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Forrest

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About Forrest

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    Moonsweeper

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  • Gender
    Male
  • Location
    NJ
  • Interests
    Former Jersey Atari Computer Society (JACS) President, Treasurer, Newsletter editor, Disk Librarian

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  1. Check your TV - it should be set for Game mode.
  2. You can build your own wired paddles that work with the FB9 Gold. A pair of 10K potentiometers is required. Discussion thread At the end of this thread, I posted by comments and pictures of my wired paddles.
  3. I bought a XCSOURCE Pickit3.5 a few months ago from Amazon. This is a clone of the Pickit3 and worked fine to program the chip for the SIO2MIDI board. $17.99 on Amazon. Downloaded MPLAB from Microchip and it was recognized as a Pickit3
  4. Tsom, Thanks for posting - especially the pictures. FYI, found this column from Lee Pappas on the early days of Analog magazine http://www.gearrant.com/
  5. FYI you can buy a 2.5A 5V power supply at Microcenter or Amazon for $9.99. You'll need to splice the DIN connector on the new power supply. If you don't want to solder, http://www.8bitclassics.com/ will sell you a power supply with the DIN connector for $14.99
  6. There was an Atari logo in the original Blade Runner movie from 1982 also https://consequenceofsound.net/2017/10/10-things-blade-runner-thought-wed-have-by-now/
  7. You should be able to change this game to use an Atari Touch Tablet. The original Planetary Defense was published in Analog magazine #17, which you is http://www.atarimania.com/mags/pdf/analog_no_17.pdf The game is written in Assembly Language - the source code is very well documented. I modified this game many years ago to use the Atari Touch Tablet, but can't locate it.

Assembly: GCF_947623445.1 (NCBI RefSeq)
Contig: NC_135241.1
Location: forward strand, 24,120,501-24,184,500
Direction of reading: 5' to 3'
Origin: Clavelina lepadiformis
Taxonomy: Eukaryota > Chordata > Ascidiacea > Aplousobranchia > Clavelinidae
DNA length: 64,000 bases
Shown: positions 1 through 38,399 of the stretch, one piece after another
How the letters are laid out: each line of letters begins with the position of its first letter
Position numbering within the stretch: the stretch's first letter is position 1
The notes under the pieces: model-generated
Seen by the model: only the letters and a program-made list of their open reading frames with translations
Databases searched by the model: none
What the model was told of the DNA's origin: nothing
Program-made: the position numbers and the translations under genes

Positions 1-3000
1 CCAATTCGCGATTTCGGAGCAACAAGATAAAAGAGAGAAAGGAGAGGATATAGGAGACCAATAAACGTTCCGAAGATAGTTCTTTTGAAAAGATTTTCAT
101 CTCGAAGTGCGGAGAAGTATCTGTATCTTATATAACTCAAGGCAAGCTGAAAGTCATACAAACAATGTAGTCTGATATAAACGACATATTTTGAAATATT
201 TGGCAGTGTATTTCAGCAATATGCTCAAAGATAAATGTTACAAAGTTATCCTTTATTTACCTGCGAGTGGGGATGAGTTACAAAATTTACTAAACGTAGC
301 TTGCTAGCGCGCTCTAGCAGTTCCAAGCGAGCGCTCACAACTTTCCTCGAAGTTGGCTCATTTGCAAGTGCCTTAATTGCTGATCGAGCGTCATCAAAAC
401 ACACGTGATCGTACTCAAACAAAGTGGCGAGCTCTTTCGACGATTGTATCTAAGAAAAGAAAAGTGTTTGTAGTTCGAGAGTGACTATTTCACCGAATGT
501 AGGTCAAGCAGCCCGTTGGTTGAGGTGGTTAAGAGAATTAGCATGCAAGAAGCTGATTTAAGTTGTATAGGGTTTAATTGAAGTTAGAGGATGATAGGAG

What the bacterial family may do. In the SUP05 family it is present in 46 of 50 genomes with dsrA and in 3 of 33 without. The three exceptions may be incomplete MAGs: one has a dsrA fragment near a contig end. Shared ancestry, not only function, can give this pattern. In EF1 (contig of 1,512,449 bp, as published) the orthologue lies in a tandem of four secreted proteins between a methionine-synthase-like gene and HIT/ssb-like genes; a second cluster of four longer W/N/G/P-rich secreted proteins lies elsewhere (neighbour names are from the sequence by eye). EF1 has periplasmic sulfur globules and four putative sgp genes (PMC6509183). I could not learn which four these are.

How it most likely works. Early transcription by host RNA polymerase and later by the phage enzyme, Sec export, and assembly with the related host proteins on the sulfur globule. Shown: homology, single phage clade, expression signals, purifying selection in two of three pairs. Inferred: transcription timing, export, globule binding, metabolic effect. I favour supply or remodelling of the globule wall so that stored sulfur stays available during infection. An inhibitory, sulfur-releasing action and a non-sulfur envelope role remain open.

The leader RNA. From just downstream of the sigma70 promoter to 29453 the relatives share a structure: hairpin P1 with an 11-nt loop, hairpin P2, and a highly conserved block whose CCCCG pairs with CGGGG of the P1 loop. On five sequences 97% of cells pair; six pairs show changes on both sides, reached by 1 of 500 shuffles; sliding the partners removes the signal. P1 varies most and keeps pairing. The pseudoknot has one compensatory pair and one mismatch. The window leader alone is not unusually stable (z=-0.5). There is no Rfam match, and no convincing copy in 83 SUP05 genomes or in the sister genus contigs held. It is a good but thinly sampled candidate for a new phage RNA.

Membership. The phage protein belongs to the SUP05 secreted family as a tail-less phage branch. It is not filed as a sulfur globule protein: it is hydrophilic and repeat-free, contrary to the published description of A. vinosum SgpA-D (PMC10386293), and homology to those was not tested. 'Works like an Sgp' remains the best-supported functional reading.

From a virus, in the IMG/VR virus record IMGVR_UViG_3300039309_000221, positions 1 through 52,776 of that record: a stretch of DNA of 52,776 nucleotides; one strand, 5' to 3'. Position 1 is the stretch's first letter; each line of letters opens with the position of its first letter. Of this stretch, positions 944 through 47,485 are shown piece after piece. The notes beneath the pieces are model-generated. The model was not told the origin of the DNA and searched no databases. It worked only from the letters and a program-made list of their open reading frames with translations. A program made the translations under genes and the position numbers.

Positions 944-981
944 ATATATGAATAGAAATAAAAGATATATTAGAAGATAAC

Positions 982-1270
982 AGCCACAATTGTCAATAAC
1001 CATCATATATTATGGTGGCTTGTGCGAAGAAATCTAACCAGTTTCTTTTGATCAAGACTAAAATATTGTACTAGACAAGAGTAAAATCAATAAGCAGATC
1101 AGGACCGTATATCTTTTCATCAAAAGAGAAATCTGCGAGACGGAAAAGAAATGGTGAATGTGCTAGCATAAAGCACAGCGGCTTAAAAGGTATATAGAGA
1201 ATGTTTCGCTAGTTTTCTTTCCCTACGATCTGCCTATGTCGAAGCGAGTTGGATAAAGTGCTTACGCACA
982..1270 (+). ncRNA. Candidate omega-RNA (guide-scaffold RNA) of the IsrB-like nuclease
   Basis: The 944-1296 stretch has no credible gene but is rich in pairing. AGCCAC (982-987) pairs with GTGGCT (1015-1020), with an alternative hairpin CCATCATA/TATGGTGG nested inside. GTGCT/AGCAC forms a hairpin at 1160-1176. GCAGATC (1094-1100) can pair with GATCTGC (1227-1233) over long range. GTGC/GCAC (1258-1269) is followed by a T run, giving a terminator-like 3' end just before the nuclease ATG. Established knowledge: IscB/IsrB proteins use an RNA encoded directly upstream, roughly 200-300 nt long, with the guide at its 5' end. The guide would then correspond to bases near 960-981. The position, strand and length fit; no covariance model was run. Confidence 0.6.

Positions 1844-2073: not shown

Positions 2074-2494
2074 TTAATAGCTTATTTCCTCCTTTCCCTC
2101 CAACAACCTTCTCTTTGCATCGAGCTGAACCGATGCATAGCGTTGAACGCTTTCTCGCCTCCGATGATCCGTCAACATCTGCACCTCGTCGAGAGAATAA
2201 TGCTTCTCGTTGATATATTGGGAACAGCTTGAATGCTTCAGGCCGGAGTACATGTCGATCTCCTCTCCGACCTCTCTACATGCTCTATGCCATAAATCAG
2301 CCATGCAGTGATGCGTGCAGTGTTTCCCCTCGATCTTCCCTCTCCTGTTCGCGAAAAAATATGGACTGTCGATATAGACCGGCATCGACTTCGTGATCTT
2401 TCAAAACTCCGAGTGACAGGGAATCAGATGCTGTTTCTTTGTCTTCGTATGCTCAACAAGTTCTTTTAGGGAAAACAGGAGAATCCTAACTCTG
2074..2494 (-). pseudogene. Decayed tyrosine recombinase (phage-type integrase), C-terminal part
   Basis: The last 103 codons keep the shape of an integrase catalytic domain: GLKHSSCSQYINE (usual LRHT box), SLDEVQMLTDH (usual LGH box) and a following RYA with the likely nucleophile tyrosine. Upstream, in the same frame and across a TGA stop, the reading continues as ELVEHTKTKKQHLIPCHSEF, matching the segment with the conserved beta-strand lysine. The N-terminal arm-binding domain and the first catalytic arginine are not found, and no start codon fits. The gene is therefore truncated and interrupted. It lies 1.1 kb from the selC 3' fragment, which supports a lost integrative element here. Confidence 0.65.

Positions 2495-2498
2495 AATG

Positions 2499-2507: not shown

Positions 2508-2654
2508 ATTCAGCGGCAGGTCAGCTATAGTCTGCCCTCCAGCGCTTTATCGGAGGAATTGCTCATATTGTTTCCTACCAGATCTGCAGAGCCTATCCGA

8. Warning - Ingot power supply that could damage the computer
  9. I would explain your problem to Steam customer service and request a refund
  10. As a project builder, not a developer - I just wanted to thank Mytek, Mr Robot, Dropcheck, tschak909 and all the other developers for designing such wonderful projects. You all deserve a round of thanks and are the reason the Atari 8-bit scene is so active 40 years after these computers were introduced. Many of you develop these projects for no financial gain - and that's commendable. Speaking as a former Atari user group president, newsletter editor, disk librarian and treasurer - I know it's a thankless job. Well done!
  11. According to https://www.arduino.cc/en/Main/ArduinoBoardUnoSMD the Arduino Uno SMD operates at 5V
  12. I was able to connect a 1040ST to a Sony KV-20XBR by building a cable that connected HSync and VSync using 2 resistors and 2 diodes. This information may be helpful to you. I've attached my instructions from 1987 Atari_ST_to_Sony_Monitor_cable.pdf
  13. Please ignore my prior post/picture. I rebooted my Mac and I've played FruityPete v1.1 3 times since then and the game works fine.
  14. The Atari 8-bit computers were not well documented when they were released in 1979, but by 1982 they were. For reference, see Atari's Operating System User's Manual, Source Listing and Hardware Manual, DeReAtari and books from independent publishers (Compute!'s Mapping the Atari book and Compute! magazine) and Lon Poole's Your Atari Computer. Many of the best Atari 8-bit games were released by 1982/1983.
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